The cards of these decks offer glimpses of red for the pips of the Hearts and Diamonds, but are otherwise done entirely in black and white, to emphasize the dark art genre. All the artwork is heavily stylized, and incorporates thematic elements typical of the genre.
Other custom decksThe above decks are only a small sample of the custom decks that have been produced under the Noir Arts label, because they've been involved in a large number of other projects as well. All of these playing cards are produced with a higher standard of quality than the locally branded souvenir decks that NPCC makes for the Ukrainian market. Those are typically bridge sized, have smooth stock without embossing, and won't handle or last like a premium deck of cards. In contrast to these budget souvenir decks, Noir Arts focuses on providing high quality poker sized playing cards for creators and designers looking to get their crowd-funded or personal projects printed.
As part of this, NPCC offers a fulfilment and printing service for creators of custom playing cards, and they provide an alternative to more well-known printing companies. They advertise themselves as providing an "all-in-one solution from design to final product". As such they offer a similar service to that of larger companies like USPCC, LPCC/EPCC, and Cartamundi, with the goal of helping artists and graphic designers to bring their projects to print, as well as taking care of the fulfilment side of things, including packaging and delivery. All the usual possibilities are available, including glamour options like custom seals, embossing, foil, and metallic inks, as well as accessories popular with crowd-funded projects, like boxes, metal coins, poker chips, and more. So how do they measure up?
ImpressionsUnique style: Many of Noir Arts own decks of playing cards have a unique art-style that you won't find in many other places. They have produced some stunning decks of their own, using the artistic talents of international creators. The dark art style of some of their decks won't please everybody, but there's no denying that it is creative in its own way. Because Noir Arts is based in Europe, many of their decks have a European feel about them, which further helps them stand out from a lot of American-produced decks. Noir Arts branded decks have a refreshing and appealing style. A range of different artists around the world are behind these decks, and particularly Nicolai Aaroe from Denmark is a big contributor.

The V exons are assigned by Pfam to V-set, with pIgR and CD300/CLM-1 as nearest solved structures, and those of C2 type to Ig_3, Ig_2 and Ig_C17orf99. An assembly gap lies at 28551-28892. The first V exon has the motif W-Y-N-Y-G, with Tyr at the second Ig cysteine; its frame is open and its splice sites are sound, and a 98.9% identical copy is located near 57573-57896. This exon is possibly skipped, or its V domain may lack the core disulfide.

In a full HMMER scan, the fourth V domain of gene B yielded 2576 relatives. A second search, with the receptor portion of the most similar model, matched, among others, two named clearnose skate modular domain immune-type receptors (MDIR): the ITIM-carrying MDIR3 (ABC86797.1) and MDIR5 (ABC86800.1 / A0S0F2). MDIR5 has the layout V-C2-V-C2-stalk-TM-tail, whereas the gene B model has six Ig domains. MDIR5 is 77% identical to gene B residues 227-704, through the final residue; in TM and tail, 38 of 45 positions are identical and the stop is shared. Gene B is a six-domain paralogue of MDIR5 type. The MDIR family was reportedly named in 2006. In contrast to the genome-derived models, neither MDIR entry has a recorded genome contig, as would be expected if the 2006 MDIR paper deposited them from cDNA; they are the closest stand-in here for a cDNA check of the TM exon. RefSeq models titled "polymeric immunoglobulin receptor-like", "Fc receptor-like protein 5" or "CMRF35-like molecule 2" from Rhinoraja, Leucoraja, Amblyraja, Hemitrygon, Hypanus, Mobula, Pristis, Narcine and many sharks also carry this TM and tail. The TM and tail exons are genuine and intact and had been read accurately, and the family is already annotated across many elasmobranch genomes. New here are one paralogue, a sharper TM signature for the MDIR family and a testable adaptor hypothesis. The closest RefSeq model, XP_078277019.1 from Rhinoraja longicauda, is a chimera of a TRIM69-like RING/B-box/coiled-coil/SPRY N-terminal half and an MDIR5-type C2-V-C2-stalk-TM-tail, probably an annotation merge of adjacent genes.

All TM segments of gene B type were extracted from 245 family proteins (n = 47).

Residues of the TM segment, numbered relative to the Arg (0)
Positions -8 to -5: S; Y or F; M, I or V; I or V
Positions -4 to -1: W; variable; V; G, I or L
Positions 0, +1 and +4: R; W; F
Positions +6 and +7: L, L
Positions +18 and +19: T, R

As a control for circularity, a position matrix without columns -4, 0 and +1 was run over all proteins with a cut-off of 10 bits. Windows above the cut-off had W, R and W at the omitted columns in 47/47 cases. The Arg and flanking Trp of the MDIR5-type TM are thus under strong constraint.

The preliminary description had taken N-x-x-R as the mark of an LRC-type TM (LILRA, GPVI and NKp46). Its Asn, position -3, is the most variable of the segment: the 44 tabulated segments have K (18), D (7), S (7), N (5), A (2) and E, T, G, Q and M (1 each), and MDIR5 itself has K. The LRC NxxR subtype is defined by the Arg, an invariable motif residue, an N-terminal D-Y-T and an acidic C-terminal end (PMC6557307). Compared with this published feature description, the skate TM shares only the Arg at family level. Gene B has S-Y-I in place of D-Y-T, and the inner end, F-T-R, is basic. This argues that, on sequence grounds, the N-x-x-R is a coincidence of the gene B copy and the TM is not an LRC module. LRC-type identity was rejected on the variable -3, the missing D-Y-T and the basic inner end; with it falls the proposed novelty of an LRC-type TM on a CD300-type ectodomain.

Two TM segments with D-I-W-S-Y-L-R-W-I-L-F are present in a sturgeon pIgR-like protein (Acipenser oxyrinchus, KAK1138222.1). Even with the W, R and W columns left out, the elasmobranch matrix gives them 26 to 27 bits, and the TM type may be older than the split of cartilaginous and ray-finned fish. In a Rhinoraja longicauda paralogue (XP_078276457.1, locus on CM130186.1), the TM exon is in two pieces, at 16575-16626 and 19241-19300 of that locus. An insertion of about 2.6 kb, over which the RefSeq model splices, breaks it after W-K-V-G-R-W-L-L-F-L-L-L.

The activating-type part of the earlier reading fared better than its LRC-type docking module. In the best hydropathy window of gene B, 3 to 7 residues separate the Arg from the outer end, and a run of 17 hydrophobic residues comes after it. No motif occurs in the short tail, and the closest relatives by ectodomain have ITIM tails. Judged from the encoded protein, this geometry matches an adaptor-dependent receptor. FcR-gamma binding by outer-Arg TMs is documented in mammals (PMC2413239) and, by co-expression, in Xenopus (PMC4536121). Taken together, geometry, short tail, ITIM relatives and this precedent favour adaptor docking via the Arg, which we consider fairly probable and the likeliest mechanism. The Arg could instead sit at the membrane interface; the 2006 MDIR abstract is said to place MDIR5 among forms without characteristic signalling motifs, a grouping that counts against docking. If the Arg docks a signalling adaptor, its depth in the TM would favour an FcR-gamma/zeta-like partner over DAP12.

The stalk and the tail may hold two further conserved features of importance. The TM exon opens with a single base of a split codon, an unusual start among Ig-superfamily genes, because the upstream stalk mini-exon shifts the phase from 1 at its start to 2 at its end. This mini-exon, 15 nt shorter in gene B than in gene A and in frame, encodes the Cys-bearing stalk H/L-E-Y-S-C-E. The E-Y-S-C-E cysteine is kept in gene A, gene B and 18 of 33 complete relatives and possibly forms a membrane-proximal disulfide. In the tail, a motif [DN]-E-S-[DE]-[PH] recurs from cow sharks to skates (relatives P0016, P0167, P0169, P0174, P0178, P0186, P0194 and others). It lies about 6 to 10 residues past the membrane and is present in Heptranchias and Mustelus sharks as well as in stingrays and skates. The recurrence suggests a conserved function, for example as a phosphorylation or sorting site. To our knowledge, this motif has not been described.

Tuck boxes: What has impressed me the most about Noir Arts are their remarkable tuck boxes. They often make significant use of foil and embossing, but without being pure bling. These are stylish and well-crafted, and easily among some of the nicest tuck boxes I have ever seen. They are finished beautifully with heavily customized seals, which are often oversized and feature unique shapes and styles that fit with the themes of the decks. Many tuck boxes also feature full interior printing, sometimes with luxurious foil. Whatever you think about NPCC, they certainly do make killer tuck boxes, and these make an immediate statement of luxury and quality that often exceeds that of some of their bigger name competitors.
Improvement: An important question for consumers in the custom playing card industry will be what the Noir Arts cards are like. Certainly NPCC isn't an industry leader alongside bigger names like USPCC, or even Taiwanese printers like LPCC/EPCC. This is in part due to the fact that their earlier decks didn't have embossed card-stock, and tended to be a bit clumpy, not fanning or spreading evenly. Fortunately there has been real improvement in this area. In the last 2-3 years, their playing cards have been of a much higher quality than their early efforts.